Re-excavating Xno’ha: Aligning Maya Architecture across Seven Years of Archaeological Research
This is an abstract from the "Ancient Maya Landscapes in Northwestern Belize, Part II" session, at the 84th annual meeting of the Society for American Archaeology.
Maya architecture at Xno’ha has been recorded digitally every field season since 2012 by the Blue Creek Archaeological Project in conjunction with the Center for Heritage Conservation at Texas A&M University. Through the application of preservation technologies such as laser scanning, it is now possible to juxtapose completely excavated structures within the same digital model. Each structure is laser scanned once the excavation has either been completed or reached its furthest extent for the season. Combined with a coordinate system established using a Total Data Station, the 3-dimensional point clouds generated using the ever-changing laser scan technologies (Riegl, FARO 120, FARO 330) are aligned across multiple seasons of data collection. This allows structures excavated in 2012 to be placed in the same spatial context as structures excavated in 2018. Archaeologists can then analyze relationships between structures at the scale of the city, plaza, and group. For structures that have been excavated over multiple seasons, architectural phases can be examined 3-dimensionally in the same spatial context. Our outputs from Xno’ha indicate a highly sophisticated means by which we can begin to analyze Maya architecture in terms of construction, style, and meaning.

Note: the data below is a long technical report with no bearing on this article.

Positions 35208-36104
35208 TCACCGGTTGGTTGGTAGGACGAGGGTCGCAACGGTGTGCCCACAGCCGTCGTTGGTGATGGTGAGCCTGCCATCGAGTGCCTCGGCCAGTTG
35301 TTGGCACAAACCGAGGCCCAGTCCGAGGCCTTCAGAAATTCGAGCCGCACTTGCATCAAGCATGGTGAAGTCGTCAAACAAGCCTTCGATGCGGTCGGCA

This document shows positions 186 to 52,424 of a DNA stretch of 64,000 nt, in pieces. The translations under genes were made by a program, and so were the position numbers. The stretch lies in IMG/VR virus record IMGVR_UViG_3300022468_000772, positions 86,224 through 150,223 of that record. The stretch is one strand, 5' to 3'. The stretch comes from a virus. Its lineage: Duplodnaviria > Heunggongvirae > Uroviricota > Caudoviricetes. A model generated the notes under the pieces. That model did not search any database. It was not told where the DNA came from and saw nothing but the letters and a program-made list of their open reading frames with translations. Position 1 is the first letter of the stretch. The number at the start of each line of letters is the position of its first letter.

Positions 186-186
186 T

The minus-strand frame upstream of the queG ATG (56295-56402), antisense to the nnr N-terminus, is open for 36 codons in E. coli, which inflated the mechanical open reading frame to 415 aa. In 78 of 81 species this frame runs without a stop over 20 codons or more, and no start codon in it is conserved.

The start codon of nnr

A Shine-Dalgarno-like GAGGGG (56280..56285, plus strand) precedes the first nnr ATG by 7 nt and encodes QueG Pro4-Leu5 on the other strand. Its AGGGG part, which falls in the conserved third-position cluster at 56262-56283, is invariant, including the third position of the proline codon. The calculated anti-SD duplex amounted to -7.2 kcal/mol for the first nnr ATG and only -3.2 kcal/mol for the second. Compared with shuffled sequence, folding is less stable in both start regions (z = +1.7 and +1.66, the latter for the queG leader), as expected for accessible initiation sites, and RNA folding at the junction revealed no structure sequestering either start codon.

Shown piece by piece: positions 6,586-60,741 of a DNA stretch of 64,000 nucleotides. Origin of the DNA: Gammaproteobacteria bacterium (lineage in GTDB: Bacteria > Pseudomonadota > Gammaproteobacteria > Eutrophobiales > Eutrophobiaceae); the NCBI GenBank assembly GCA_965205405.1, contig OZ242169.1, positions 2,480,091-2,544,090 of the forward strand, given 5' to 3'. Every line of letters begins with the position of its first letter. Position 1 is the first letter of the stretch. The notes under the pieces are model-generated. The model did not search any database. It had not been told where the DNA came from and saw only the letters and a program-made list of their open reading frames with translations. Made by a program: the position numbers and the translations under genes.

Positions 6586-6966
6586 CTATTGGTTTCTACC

Cite this Record
Re-excavating Xno’ha: Aligning Maya Architecture across Seven Years of Archaeological Research. Kevin Austin, Benjamin Baaske, Robert Warden. Presented at The 84th Annual Meeting of the Society for American Archaeology, Albuquerque, NM. 2019 ( tDAR id: 452559)
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min long: -94.197; min lat: 16.004 ; max long: -86.682; max lat: 21.984 ;
Abstract Id(s): 26099